Work with us and Malaysia will win, AirAsia tells MAHB and Mavcom

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AirAsia Group Bhd has long had a tumultuous relationship with its landlord, Malaysia Airports Holdings Bhd (MAHB). Both companies have clashed in the past over issues related to klia2, ranging from its location, cost and facilities to delays in its completion.

But the feud has escalated of late because of differences over the passenger service charge (PSC), triggering a lawsuit by the airport operator after the low-cost carrier (LCC) refused to collect the RM73 in PSC gazetted by the Malaysian Aviation Commission (Mavcom) and stuck to the previous rate of RM50.

Not helping matters is AirAsia co-founder and group CEO Tan Sri Tony Fernandes’ penchant for speaking his mind, often taking to social media to express his dissatisfaction and frustrations with MAHB.

Hopes that the establishment of an independent aviation regulator like Mavcom would help ease tensions between AirAsia and MAHB have also dissipated.

Fernandes, who admits to throwing his support behind Mavcom three years ago, believes the commission has failed in its role and does not understand the LCC business. AirAsia now seems to have an additional adversary in Mavcom.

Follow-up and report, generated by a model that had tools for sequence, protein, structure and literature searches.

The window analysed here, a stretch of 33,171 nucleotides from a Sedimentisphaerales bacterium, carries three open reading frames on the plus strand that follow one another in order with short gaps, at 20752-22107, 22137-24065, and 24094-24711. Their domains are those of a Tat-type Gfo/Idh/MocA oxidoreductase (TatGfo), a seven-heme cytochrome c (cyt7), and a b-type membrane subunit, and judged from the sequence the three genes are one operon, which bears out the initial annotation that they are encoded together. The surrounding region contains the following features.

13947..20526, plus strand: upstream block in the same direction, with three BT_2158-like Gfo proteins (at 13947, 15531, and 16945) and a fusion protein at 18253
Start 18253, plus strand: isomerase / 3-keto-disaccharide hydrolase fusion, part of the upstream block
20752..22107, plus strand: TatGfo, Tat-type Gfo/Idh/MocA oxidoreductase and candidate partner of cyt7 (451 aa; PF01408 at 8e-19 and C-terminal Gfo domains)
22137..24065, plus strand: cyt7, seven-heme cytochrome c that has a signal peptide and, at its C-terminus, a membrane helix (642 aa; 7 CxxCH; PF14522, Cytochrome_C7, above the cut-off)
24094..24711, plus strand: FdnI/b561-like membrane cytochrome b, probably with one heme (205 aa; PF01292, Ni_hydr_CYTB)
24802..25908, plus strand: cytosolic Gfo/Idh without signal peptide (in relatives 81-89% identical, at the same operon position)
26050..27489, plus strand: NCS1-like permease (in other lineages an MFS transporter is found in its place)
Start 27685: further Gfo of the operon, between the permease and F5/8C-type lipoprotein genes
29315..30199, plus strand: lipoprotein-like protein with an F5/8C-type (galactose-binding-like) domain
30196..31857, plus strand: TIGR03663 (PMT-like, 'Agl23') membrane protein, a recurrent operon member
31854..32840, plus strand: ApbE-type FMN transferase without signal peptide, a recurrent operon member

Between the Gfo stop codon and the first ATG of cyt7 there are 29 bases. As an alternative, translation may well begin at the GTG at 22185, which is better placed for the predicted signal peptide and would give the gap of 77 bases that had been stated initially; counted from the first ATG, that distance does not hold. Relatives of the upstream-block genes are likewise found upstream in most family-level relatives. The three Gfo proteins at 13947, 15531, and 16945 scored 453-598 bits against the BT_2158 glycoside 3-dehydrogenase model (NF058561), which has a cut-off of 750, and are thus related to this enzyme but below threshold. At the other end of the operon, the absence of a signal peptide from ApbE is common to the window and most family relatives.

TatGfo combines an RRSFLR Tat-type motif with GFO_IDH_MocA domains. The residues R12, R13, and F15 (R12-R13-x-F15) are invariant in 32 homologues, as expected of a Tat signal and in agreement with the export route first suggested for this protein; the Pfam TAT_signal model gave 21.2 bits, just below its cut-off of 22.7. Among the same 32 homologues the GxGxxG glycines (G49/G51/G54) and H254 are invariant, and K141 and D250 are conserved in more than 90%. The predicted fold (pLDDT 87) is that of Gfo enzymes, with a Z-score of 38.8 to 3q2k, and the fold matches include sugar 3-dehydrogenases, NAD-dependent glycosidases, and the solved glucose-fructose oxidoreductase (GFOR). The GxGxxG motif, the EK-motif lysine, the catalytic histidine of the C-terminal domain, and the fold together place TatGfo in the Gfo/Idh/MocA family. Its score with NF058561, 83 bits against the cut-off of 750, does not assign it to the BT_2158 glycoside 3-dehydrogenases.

We met Fernandes last Thursday at his home in Kuala Lumpur, which doubles up as his office. He greeted us in a short-sleeved white T-shirt with “Teleport” — the new name of AirAsia’s cargo and logistics business — printed on it and blue shorts.

After being told that he looked like he had lost weight, Fernandes said he has lost about 2kg since he contracted dengue two weeks ago. 

He is recovering after being hospitalised for a week. “While I’m happy I have lost weight, it’s not enough,” he added, whose resolutions each year include shedding some weight.

The interview took place in a hall upstairs, one wall of which is covered with pictures of the accolades he and AirAsia have received over the years. Fernandes was in his usual feisty form during the interview, which ranged from the low-cost carrier’s struggles and achievements to what he thinks MAHB and Mavcom need to do or did not do.

From a small company with two aircraft in 2001, AirAsia has become the largest low-cost player in Asia with 272 planes. But Fernandes is far from satisfied as he believes the carrier can grow faster with the support of the airport authorities. He lamented the ignorance of MAHB and Mavcom of the LCC model despite having the region’s largest low-cost airline as the main user at klia2, and said they should welcome the development of dedicated low-cost carrier terminals in the country.

To know more about what transpired, pick up the latest issue of The Edge.

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